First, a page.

Medieval Knights needed to wear armour to protect themselves during battle and in mock battle situations such as jousting contests or tourneys as well as this a knight usually had their visors pulled over their faces.
This made it difficult to identify a knight and what he represented, there was a need to be able to identify a knight for reasons of pride and respect, and also to avoid any confusion in battle situations so that other soldiers and knights would know who the knight was fighting for amongst other things.
Heraldry *Coat of Arms
To get around the problem of identifying a knight in a war or mock battle, knights started to wear distinctive emblems on parts of their clothing, horses, shields and sometimes flags were also sometimes carried.
Knights Surcoat worn over Plate Armour
These family coats of arms and emblems were usually a combination of bright colours with some kind of image such as a lion or Dragon in the design.
The family coat of arms usually contained an image such as a lion or other animal or something fictional like a dragon that represented something positive about the family such as courage and honour.
There were also usually positive words of encouragement in Latin and other details that were personal to the family or had important meaning to them such as dedications to a father or another member of the family incorporated within the design.
Heraldry *Family Honour
Becoming a knight was very difficult and was a great source of pride to the knight’s family in medieval times, knights liked to show off their family coat of arms and emblems to the world.
A family’s colours would be passed down through the generations, fathers would proudly pass their family coat of arms to their sons, typically the whole family would wear items of clothing that displayed the families’ coat of arms or emblems, even knight horses would be decked in the family colours.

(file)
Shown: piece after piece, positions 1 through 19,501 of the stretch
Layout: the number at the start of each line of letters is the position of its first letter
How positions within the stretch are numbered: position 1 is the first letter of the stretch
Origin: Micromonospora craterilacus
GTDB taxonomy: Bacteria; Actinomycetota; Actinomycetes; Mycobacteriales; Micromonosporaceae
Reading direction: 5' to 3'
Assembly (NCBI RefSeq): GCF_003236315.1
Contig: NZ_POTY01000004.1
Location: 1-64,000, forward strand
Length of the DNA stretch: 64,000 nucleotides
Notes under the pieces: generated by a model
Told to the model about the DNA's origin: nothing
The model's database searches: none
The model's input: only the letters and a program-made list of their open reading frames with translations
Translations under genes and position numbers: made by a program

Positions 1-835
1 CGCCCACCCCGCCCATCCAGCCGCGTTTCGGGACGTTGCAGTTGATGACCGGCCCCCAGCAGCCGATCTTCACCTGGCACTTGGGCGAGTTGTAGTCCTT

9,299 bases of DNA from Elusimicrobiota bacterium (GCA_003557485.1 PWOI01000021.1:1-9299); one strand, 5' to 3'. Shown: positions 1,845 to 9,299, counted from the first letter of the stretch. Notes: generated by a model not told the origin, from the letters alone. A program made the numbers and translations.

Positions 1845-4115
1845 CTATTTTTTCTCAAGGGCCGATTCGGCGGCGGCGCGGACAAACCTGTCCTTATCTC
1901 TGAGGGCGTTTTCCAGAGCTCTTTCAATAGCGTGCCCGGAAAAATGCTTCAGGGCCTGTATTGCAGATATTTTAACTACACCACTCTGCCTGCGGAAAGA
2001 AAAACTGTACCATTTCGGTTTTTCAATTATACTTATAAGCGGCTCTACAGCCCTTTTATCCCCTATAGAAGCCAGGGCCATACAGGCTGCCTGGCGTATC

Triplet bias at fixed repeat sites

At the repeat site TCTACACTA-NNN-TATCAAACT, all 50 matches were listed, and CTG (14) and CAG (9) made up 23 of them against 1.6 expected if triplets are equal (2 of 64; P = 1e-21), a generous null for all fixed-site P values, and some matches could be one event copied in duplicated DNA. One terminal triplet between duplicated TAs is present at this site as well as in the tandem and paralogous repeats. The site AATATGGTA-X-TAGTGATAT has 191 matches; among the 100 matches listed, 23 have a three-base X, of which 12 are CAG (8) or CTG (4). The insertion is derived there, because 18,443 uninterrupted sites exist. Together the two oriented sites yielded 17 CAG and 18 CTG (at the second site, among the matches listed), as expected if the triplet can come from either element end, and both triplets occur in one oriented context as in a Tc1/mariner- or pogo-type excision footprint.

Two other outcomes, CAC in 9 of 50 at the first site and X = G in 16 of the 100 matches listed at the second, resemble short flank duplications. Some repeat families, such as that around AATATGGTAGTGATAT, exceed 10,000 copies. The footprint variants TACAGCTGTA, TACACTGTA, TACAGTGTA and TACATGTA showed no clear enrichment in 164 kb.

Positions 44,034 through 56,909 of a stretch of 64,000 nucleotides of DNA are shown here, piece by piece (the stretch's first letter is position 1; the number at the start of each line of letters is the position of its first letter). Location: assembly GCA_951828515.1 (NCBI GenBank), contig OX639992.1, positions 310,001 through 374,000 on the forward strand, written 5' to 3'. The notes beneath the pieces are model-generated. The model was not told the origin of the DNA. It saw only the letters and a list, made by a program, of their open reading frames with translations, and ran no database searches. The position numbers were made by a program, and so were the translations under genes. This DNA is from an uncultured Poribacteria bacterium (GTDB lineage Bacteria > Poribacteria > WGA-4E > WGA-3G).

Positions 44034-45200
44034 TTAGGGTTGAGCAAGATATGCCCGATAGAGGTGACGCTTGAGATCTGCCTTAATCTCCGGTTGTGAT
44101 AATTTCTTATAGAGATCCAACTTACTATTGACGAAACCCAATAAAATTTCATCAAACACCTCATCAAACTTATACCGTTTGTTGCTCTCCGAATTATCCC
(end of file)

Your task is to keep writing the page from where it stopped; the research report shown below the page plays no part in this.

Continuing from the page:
Heraldry & Heralds
As you can imagine in medieval times there were thousands of knights scattered across England and Europe, as the number of knights increased so did the difficulty in tracking the coats of arms and emblems of each family and it was difficult to distinguish them from other families coats of arms and colours.
Some families emblems and coat of arms were also very similar in colour and design which complicated things further. There was a desperate need to organise the coat of arms and emblems, this led to the training of people needed to record and detail the emblems and coats of arms of every family.
A Herald was the person responsible for keeping records and detailing medieval emblems and families coat of arms
This person was called a Herald and this is where the name Heraldry came from, it was the Herald’s job to detail, track and recognise all the various coats of arms. Heralds needed to be very thorough and well trained and this was a full-time occupation for them.
Herald and Heraldry Importance